In the remainder of this chapter, we describe how VS programs interact with the various agencies in their community. We look first at interactions with law enforcement, then with prosecution, then with other VS agencies, and then with other types of agency. These topics are followed with an examination of the ways that VS programs communicate, coordinate, and collaborate with the agencies they identified as their primary community partners. The chapter ends with a discussion of the role of task forces in developing services for women victims of violence.

VS Program Interactions with Law Enforcement

As already noted, all VS programs said they interacted with law enforcement agencies, and 65 percent named them as one of their two primary agencies. The interview asked them to describe the interactions between the two agencies, including which members of each agency interacted with each other, whether the agencies had formal policies or procedures for working together, whether interactions had changed since the VS program began receiving STOP funds, and whether the VS program attributed any changes to the effects of the STOP-funded VS program. Table 5.1 shows the responses to these questions. The VS program's crime focus did not make any difference for any of the responses reported in this table.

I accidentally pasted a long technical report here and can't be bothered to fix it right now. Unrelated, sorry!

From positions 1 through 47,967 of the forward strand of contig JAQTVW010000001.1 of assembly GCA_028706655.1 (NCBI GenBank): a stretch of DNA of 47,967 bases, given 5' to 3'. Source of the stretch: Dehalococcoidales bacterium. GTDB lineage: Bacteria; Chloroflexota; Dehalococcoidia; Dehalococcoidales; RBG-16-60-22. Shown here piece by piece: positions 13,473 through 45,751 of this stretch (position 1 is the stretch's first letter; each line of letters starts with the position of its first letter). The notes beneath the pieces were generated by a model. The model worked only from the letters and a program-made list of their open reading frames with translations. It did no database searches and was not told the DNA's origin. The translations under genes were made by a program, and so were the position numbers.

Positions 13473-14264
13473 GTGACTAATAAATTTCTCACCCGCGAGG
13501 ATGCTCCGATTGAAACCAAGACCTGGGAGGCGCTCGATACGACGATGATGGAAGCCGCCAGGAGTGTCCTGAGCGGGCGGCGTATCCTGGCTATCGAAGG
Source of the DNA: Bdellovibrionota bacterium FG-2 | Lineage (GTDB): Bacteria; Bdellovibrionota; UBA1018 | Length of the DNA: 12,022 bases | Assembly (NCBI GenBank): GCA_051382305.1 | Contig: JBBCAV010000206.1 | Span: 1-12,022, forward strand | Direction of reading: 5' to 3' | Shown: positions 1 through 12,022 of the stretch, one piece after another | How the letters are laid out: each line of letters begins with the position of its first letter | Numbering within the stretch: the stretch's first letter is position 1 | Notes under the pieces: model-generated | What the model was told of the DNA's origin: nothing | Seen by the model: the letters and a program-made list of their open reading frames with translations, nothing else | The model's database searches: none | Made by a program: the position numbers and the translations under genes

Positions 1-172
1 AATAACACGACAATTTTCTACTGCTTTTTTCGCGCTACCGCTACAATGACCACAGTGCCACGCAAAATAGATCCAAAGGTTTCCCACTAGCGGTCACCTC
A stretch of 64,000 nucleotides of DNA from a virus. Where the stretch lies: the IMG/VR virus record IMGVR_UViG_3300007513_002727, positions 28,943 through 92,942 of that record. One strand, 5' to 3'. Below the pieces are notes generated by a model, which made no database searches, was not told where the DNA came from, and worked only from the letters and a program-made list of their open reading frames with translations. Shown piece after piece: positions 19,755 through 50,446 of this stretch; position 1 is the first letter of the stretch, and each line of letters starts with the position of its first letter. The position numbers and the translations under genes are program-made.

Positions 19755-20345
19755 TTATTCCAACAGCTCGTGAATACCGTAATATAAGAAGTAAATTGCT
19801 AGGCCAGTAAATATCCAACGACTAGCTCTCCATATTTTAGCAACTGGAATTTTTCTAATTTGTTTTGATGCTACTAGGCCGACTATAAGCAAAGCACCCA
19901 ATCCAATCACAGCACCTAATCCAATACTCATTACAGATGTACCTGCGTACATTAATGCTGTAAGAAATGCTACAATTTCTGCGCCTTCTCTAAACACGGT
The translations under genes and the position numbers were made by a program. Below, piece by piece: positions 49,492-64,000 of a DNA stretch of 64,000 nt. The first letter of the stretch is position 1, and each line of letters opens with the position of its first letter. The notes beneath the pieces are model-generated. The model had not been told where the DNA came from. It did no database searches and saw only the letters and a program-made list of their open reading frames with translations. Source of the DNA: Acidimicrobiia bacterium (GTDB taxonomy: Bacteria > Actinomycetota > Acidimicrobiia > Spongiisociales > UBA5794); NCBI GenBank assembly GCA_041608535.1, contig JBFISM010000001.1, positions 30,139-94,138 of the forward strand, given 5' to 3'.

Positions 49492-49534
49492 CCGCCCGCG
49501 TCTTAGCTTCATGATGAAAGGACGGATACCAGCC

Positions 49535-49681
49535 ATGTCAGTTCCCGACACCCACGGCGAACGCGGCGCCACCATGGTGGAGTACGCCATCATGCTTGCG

Table 5.1
Interactions of VS Programs with Other Community Agencies
(weighted percentages)
  Percent of VS Programs Interacting with:
Law Enforcement Agencies
(n = 200)
Prosecution Agencies
(n = 200)
Other VS Agencies
(n = 200)
Other Types of Agency
(n = 200)
Working relationships
VS program works with agencies of this typea 100 97 95 Not applicable
VS program names an agency of this type as a primary partner agencyb 65 42 22 72
n's for remaining answers: (n = 200) (n = 193) (n = 182) (n = 143)
Staff involvement —percent with interactions between VS and other agency staff (if agency has that level of staff) among:
Frontline staff 95 86 97 98
Middle management 89 85 92 83
Agency leadership 83 78 90 80
Policies —percent with formal policy or procedure guiding the work the two agencies do together 51 31 27 Not asked
Increased interactions —percent reporting increased interactions of the following types since receiving STOP funding:
1. Contact of any type 87 88 81 95
2. VS program helps women deal with agency 89 89 84 94
3. Agency refers to VS program 88 90 85 88
4. The two agencies coordinate their work 86 87 85 83
5. The two agencies do joint planning, funding, and/or have institutionalized level of commitment 81 83 82 60
Summary of increases in:
None (no changes reported) 7 7 13 1
One or two types of interaction 10 8 4 5
Three types 15 16 6 8
Four types 28 32 28 33
All five types of interaction 41 37 51 54
Percent saying:
Changes were due to VS STOP project 80 76 57 64
Changes were due to other STOP project 31 29 20 11
These changes were more true for relationship with some agencies of this type than with others 67 34 37 Not asked
Source: Urban Institute analysis of VS program telephone interview responses. aFor law enforcement, prosecution, and other VS agencies, responses are to interview questions 16, 17, and 18. bFor "Other Types of Agency," the agencies are those that respondents identified as a primary agency; responses are to interview question 20.